Public transport within Milton Keynes has never been great, but it is getting better all the time. The bus operator, MK Metro, has recentlly been purchased by Arriva, and standards are improving. Buses in Milton Keynes are more frequent, and all estates are quite well covered. There are regular buses from most places to the city centre, train station, and Bletchley. Travelling by car is usually preferable as one of Milton Keynes's saving graces is its road network, although during rush hour, it can get somewhat congested in some areas.
The dominance of the car is greatly helped by the road layout - the main roads of the city are laid out in a grid system with roundabouts at the intersections, so getting about is quick, although predictably less so in rush hour. The grid is formed of numbered 'H' roads running horizontally on the map and 'V' roads running vertically. Visitors who drive to Milton Keynes often get lost on these roads because they all look the same-- the main roads are in tree-lined linear valleys to reduce road noise so there are few landmarks visible to navigate by. A map or satnav is recommended for people who are new to the town.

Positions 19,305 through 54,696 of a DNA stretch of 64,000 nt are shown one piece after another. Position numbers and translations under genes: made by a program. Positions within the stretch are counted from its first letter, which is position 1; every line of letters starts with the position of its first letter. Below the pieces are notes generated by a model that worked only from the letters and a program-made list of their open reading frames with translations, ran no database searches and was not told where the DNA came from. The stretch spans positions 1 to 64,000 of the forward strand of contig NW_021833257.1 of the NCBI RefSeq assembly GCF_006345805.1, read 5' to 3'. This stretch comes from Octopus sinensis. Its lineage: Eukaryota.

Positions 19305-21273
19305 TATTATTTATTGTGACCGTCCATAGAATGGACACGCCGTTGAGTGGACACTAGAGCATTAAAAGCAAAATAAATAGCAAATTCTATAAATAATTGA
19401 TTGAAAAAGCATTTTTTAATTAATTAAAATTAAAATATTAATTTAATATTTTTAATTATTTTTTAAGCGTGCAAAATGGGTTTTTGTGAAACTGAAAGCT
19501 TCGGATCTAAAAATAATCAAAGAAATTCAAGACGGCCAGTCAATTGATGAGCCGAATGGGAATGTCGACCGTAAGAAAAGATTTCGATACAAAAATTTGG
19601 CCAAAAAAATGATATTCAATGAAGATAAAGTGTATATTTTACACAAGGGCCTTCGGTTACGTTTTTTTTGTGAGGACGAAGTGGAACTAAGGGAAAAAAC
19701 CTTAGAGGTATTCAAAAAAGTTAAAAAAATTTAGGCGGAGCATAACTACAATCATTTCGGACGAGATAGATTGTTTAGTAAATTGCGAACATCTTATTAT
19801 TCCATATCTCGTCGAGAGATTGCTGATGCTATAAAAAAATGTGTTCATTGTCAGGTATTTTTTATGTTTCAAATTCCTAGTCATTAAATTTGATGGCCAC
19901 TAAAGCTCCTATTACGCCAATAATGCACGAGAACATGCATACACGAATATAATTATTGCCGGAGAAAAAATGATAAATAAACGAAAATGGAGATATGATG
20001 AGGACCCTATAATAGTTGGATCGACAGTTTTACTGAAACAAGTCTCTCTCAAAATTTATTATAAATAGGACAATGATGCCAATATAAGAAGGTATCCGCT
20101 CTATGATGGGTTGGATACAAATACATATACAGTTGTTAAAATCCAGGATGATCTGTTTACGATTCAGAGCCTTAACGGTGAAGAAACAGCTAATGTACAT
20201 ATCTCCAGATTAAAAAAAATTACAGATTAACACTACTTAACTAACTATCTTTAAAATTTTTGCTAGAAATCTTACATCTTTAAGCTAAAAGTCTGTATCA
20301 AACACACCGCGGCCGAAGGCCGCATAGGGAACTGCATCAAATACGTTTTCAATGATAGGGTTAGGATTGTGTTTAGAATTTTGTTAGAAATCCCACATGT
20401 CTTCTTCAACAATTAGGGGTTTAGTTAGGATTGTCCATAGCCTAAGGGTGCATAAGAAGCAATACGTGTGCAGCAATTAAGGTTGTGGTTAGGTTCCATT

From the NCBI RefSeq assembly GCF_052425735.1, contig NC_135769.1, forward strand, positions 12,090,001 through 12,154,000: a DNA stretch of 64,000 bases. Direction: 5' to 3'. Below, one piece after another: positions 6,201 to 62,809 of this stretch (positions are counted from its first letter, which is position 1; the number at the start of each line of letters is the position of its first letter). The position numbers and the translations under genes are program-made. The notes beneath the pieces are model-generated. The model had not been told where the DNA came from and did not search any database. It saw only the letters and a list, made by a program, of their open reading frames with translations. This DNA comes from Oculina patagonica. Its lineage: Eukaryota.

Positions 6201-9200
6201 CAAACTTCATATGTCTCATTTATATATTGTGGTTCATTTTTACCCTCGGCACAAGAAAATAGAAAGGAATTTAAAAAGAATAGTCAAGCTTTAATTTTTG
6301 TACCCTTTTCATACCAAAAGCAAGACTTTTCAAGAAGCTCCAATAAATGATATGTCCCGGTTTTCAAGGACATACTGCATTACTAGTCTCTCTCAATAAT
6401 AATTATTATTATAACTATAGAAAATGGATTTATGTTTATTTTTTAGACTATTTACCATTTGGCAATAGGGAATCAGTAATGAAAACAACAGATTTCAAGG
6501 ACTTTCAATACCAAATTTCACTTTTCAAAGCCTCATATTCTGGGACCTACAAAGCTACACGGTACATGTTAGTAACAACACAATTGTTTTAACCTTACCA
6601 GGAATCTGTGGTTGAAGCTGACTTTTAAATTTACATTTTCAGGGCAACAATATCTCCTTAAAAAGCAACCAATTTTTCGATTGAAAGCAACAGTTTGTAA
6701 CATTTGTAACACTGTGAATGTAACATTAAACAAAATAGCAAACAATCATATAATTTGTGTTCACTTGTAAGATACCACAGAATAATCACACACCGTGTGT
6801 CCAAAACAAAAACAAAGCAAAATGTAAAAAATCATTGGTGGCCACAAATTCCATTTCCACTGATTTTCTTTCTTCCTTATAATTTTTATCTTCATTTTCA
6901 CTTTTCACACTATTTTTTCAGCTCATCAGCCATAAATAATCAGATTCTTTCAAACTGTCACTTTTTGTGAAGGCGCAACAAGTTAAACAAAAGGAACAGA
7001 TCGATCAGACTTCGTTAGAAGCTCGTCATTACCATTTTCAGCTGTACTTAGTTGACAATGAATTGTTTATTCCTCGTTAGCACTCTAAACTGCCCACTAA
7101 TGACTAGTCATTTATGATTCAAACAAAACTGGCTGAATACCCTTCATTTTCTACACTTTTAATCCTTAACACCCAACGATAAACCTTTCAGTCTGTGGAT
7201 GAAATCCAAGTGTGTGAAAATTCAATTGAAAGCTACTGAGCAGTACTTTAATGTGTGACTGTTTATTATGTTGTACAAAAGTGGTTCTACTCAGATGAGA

Pedestrians and cyclists have their own network of 'redways' - paths made of red tarmac that broadly follow the grid roads but never meet them, either crossing over or underneath. The redways are a good way to get about. As with any place you are unfamiliar with, caution is advised, and as many of the redways cross minor roads cyclists and those with children should beware of traffic!
Be warned that the redways are often not well signposted, and that traversing them without a map can lead to you getting lost quite quickly!
Milton Keynes has a claim to being the home of the modern computer, as the German Enigma codes were cracked by Alan Turing at Bletchley Park. The historic value of this site and its importance to the development of the computer has now been belatedly recognised in the form of a museum with a significant number of things to do for both adults and children. The site is also home to The National Museum of Computing . Visitors should be aware that as of early 2012 public access is not 7 days per week.
In the UK, the city is famous/notorious for its concrete cows, an art installation created by Liz Leyh (just off the H3, in Bancroft).
Another feature is the giant Xscape dome, home to a sixteen screen cinema and the largest indoor ski slope in the United Kingdom.
The Peace Pagoda at Willen Lake North, the first example in the Western world, is also worth a visit for a more tranquil experience. The nearby temple and labyrinth also provide interesting attractions.